Who knows? With Burne-Jones, the wheel of fortune has turned spectacularly. When he died a hundred years ago, aged 64, his name - once enormous - was already on the wane. Now, after a period of neglect, not to say hearty scorn, he's risen again to favour, and not just with the poster-buying public. "Edward Burne-Jones - Victorian Artist-Dreamer", showing at Birmingham City Art Gallery, began its tour at the Met in New York and goes on to the Musee d'Orsay in Paris. It's official.
News to me, actually. I was happily going around, eyeing the odd reproduction of The Beguiling of Merlin, The Golden Staircase, King Cophetua and the Beggar Maid or The Tree of Forgiveness, and taking a view that was dim to the point of blindness. Knights, damozels, faeryland, blah blah. But showing the pictures in quantity, and in no company but their own, does them a power of good. They begin to cast their elusive, insinuating spell.
Burne-Jones is absolutely artificial. A late flower of the Pre-Raphaelite movement, he has none of the Brotherhood's original passion for historical authenticity and exact observation. He began as an imitator of Rosetti. His borrowings from earlier (often Italian) art are frequent and flagrant. His scenes are studio-bound, overtly constructed. Being unlifelike, not of this world, was his point.
But the artifice isn't self-conscious nor especially outre. He can't easily be reclaimed as a master of camp (like his follower Beardsley), or a manifest weirdo (like some of the foreign Symbolist painters he influenced). His vision is placid, sober and, in a way, impersonal. It has no hidden agenda, it leaves no funny tastes, it offers no obvious footholds for sniggers or diagnoses. It's all there on the surface - a serene, composed, depthless mystery.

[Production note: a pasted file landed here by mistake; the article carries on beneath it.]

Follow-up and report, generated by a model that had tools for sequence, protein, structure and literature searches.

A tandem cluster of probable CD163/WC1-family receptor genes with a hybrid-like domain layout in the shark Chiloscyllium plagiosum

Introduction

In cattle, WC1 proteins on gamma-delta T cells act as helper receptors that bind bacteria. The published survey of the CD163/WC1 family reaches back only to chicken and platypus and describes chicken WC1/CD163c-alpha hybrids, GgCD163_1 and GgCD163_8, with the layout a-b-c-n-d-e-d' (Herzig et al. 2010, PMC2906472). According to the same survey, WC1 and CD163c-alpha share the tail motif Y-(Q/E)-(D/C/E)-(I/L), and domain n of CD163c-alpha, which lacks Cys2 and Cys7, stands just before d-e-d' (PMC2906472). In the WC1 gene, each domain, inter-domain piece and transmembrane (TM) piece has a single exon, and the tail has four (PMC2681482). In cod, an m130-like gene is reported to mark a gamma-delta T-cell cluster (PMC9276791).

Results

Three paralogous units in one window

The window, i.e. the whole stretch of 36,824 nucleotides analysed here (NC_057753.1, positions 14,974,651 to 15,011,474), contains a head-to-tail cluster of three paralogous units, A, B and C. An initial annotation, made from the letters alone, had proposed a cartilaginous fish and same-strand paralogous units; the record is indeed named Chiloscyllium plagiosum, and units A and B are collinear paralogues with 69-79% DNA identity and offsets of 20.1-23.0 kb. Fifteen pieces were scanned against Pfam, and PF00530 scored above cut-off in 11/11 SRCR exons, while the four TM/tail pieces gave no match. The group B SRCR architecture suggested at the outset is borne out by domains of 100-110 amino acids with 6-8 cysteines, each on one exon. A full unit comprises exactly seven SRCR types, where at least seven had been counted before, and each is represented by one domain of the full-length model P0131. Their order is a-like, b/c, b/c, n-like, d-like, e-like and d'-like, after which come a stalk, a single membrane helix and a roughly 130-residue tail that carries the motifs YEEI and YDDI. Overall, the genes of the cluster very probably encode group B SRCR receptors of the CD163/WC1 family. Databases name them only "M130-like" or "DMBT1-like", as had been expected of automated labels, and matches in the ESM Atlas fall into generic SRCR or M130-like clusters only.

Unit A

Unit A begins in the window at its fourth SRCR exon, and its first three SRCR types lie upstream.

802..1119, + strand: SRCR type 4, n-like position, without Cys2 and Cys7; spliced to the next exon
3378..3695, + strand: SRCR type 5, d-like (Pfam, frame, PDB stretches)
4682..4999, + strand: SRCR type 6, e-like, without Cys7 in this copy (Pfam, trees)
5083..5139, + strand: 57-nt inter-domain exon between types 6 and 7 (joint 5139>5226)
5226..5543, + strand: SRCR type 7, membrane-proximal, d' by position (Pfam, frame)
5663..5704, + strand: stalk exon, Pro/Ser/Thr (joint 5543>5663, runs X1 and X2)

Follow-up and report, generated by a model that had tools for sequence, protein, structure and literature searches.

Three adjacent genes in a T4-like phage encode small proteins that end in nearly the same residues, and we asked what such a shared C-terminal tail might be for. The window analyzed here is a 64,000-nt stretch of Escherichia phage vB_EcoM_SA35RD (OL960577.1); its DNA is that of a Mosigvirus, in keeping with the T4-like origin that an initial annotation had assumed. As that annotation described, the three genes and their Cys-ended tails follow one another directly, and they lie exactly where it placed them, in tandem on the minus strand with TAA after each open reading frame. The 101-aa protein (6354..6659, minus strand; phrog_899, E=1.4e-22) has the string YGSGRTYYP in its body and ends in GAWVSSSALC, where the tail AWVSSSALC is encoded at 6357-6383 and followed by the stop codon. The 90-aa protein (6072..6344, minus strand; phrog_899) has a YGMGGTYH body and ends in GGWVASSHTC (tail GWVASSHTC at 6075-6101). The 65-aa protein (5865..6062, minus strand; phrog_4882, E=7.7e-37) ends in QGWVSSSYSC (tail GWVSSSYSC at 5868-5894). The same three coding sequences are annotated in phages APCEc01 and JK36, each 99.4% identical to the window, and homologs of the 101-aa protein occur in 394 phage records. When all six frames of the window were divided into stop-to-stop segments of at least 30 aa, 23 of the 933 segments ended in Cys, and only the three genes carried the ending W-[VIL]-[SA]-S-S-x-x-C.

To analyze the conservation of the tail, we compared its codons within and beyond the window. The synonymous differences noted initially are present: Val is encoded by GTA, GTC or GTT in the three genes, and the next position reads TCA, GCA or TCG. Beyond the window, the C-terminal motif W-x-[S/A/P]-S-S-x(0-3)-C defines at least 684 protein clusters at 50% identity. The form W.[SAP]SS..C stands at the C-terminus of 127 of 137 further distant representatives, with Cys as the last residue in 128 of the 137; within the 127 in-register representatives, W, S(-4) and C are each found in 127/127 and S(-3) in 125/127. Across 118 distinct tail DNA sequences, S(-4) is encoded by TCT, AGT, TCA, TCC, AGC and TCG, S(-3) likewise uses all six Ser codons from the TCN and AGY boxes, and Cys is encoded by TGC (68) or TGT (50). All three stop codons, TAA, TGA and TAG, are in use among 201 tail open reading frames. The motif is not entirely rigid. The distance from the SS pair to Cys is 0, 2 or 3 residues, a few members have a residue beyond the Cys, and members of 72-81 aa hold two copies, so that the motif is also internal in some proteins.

For instance, Burne-Jones is full of curious stories, but it's very hard to get interested in them. Few fans of King Cophetua or The Tree of Forgiveness know what's going on (from an old ballad and Chaucer, respectively), nor feel the need to. You don't. You need only to breathe an air of myth and legend. The action, after all, is minimal: where not static, then soundproofed and slow motion. Burne-Jones's protagonists are generally half awake, their gestures languorous. His trademark eyes, deep-sunk and dark-ringed, are sleepy eyes. They wear a dappling of muscle which hardly flexes. Faces make no psychological contact.
Again, Burne-Jones is crowded with nudity, but it's virtually invisible, a symbolic property, far removed from nakedness, amorous sometimes, never erotic. You can find his chastity slightly absurd. And there can be a gratuitous lack of sex, as in the a four-picture sequence on the Pygmalion story, where the interesting business of stone turning to flesh under the sculptor's hand (which is in Ovid) is neatly elided; the statue comes alive in Scene Three when he's out of the room. But what you don't feel is that this purity is under strain.
The physical is muffled, only vaguely tangible. His scenes are bathed in an even light so things are clear but not in sharp relief. Textures are hardly differentiated; you don't sense hard against soft, rough against smooth, wet against dry. Space is shallow. The two most striking compositions in the show involve sensuous dramas that don't quite happen. In Romaunt of the Rose: Love Leading the Pilgrim, the pilgrim is being led out of a mighty thicket of thorns, while his guide is surrounded by a dense flock of little birds. But you aren't made to feel the thorns as vicious, or the birds as flittery-clustery. It's kept, precisely, a vision.
In The Perseus Series: The Doom Fulfilled, the hero struggles with an astonishing writhing and coiling sea-monster, which circles round him several times and at one point actually zooms up between his legs. The effect is saved (only just) from the most massive innuendo by the calm neutrality, the low tactility of Burne-Jones's world.